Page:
Friday, March 23, 2018

My Left Knee

I think my left knee is eating my pants.
No, really, the last several pairs of jeans I've had have all worn out over my left knee before the more obvious places of, say, like, my right pocket where my keys stay. That used to always be where my jeans would wear out first. But, now, it's the left knee.

Why would it be the left knee? Is my left knee sharper than my right knee? It doesn't look like it is. Does the cat have something to do with all of this?
It wouldn't surprise me.
Maybe he's mad because I didn't take him to the opera, and he's taking it out on my pants?

Whatever it is, it's a mystery to me.
All I know is that it's time for a new pair of pants.

Thursday, March 22, 2018

This Land Is Their Land (a book review post)

I'm going to say right up front: This is probably not a book you should read.
Wait, let me revise that: This is not a book you should read if you haven't read any other books by Barbara Ehrenreich.
Also: This is not a "book." It's a collection of essays.
Funny story: I didn't know that when I started reading it. Having read many other Ehrenreich books, I was more than a little thrown by how disjointed this seemed... until I realized that it was a collection of essays, then it made sense.

The other drawback is that the book is 10 years old, and there are moments when that is readily apparent. Beyond the fact that she's talking about the Bush presidency, that is. There are some things that have dropped out of the national consciousness since the book was published, which can leave you wondering why that was even something being talked about at the time. Like the attack on Cabbage Patch dolls back in the 80s by Right-wing nutjobs. Not that that is in the book, but it's one of those things that, when you look back at it, it leaves you scratching your head "why?!?!"

That said, this book still has a point to make, and it's a point that needs to be made again and again until people realize they need to do something about it rather than wait for someone else to fix it for them. Especially since the someone they are hoping will fix the problem are the very ones who are the problem: the 1%.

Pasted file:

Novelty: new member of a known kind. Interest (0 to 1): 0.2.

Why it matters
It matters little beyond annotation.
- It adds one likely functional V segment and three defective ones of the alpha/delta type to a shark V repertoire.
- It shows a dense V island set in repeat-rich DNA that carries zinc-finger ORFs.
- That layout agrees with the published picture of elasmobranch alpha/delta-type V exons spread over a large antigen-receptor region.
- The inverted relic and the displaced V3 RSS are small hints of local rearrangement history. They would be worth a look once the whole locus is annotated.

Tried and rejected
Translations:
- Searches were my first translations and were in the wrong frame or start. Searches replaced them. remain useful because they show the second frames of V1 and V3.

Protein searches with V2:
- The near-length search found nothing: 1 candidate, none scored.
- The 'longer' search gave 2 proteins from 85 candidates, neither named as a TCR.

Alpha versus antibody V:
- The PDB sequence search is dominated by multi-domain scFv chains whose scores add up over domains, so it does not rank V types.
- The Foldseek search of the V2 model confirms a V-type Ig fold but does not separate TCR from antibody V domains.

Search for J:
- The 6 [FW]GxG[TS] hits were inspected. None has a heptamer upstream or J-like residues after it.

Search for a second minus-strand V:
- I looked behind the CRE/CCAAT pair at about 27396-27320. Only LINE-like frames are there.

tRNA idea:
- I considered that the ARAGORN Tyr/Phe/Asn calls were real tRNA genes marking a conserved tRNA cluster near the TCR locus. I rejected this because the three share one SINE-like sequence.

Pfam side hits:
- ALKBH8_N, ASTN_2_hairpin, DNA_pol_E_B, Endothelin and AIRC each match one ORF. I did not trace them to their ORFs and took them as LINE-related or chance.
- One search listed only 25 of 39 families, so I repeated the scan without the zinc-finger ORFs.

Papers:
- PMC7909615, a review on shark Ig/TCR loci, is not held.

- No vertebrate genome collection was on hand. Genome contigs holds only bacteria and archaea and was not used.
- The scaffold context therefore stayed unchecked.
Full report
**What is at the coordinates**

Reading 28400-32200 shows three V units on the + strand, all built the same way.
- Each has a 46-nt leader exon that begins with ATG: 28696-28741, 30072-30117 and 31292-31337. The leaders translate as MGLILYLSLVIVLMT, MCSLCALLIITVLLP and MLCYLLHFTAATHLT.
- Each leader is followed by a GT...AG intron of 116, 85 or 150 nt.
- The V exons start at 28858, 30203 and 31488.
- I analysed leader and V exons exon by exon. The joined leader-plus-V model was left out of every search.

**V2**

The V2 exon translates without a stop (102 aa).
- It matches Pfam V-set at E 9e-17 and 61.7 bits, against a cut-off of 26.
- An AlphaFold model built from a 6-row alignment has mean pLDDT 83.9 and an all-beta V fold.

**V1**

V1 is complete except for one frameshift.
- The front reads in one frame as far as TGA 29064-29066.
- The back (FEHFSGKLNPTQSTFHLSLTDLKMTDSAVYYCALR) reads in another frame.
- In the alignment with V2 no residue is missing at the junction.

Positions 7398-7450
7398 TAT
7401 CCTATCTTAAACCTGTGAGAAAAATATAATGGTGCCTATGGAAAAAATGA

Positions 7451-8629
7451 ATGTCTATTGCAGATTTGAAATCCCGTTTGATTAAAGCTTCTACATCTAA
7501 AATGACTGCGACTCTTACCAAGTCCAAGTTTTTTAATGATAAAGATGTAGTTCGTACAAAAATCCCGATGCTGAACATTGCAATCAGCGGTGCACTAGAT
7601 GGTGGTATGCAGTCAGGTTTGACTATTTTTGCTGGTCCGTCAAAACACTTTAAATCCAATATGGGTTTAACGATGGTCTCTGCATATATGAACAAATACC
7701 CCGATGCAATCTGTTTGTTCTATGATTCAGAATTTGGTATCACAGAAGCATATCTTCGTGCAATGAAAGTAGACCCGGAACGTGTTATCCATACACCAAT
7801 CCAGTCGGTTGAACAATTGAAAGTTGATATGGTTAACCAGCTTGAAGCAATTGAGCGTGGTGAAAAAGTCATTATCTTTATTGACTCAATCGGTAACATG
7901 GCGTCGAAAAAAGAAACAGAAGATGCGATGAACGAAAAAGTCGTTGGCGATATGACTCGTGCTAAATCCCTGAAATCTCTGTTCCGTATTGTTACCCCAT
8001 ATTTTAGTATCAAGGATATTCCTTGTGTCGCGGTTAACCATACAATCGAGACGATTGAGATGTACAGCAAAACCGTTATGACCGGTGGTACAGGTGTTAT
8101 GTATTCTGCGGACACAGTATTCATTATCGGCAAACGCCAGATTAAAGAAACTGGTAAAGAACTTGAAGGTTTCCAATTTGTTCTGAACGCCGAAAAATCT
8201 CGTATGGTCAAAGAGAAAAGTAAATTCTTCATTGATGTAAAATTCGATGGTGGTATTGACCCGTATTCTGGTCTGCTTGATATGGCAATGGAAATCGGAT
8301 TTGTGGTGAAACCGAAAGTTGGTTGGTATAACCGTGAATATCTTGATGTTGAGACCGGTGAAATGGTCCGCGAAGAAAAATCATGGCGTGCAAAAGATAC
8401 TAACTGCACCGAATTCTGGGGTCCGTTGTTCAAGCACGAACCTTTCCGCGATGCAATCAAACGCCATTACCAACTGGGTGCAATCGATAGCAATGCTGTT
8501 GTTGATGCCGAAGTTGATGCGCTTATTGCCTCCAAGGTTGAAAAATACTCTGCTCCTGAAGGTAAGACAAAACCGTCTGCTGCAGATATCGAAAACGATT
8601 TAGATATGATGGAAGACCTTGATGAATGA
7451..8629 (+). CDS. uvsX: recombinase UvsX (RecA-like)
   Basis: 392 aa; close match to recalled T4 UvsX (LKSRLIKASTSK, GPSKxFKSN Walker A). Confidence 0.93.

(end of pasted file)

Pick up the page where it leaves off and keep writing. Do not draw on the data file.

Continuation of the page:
Unfortunately, the book will also highlight for you many of the ways we are regressing back to all of the places we were 10 years ago. Like, say, health care. Which got better for a brief period with Obamacare but, which, now, is being killed slowly by Trump (#fakepresident) and his goons. Or, say, banks...

Look, "we" put Dodd-Frank in place to prevent banks from doing things like they did that caused the economic collapse a decade ago. You do remember that, right? It was so bad that people were just walking away from their homes. You haven't forgotten, have you? The answer, or part of it, was Dodd-Frank. Of course, the 1% want to be able to bleed everyone else for as much as they can get, and they don't much like regulations which protect the consumer so, again, Trump (#fakepresident) and his Republican death machine have undone much of what was put in place to protect everyone else.

Actually, when you look at what happened there with the banks, it's like they were merely put in a time out. They had a club they were beating on people with and had it taken away from them and told to go sit in the corner. All the Republicans went to go play in the corner with the banks until they could maneuver the club around to someone who would give it back to the banks. It's all really rather sickening and the sheep who make up the people who vote for Republicans and who can't see beyond the dog-whistle words of "abortion" and "guns" will contentedly continue to gnaw off their own legs rather then open their eyes and look at what's being done to them by people like Paul Ryan, Mitch McConnel, and the ever-blazing Trumpster fire who thinks he's a president.

Yeah, okay, none of that last paragraph was in the book, because it was written more than a decade ago, but there are sections of the book that really resonate with what's happening right now, especially since Dodd-Frank is being dismantled right now, so you can see the return to the things she's talking about in the book.

Anyway... If you've read other Ehrenreich books and enjoyed them, you'll probably find this a good read. Besides, it's quick, especially if you read it as bites of essays here and there. If you haven't read Ehrenreich, go get a copy of Nickel and Dimed or Bright-sided and start with that.

Wednesday, March 21, 2018

Rebels: "Shroud of Darkness" (Ep. 2.18)

-- "Don't worry; I wouldn't do anything you would do."

A note before I start watching this episode:
I always pull the image for whatever episode I'm about to watch before I watch the episode. It's a bit of a teaser for the episode in question, but, usually, the images are fairly innocuous. You know, Ezra or Kanan standing with a lightsaber or something. Oh, but not this episode! This episode gave me the above image, which is hella cool! AND this episode has Vader and Ahsoka! So, yeah, I'm stoked for this one, so I'm going to go watch it now.
And, no, I don't know who those guys are in the image above, but I certainly want to find out!

After watching:
The guys in the picture? Jedi Temple Guards. So cool...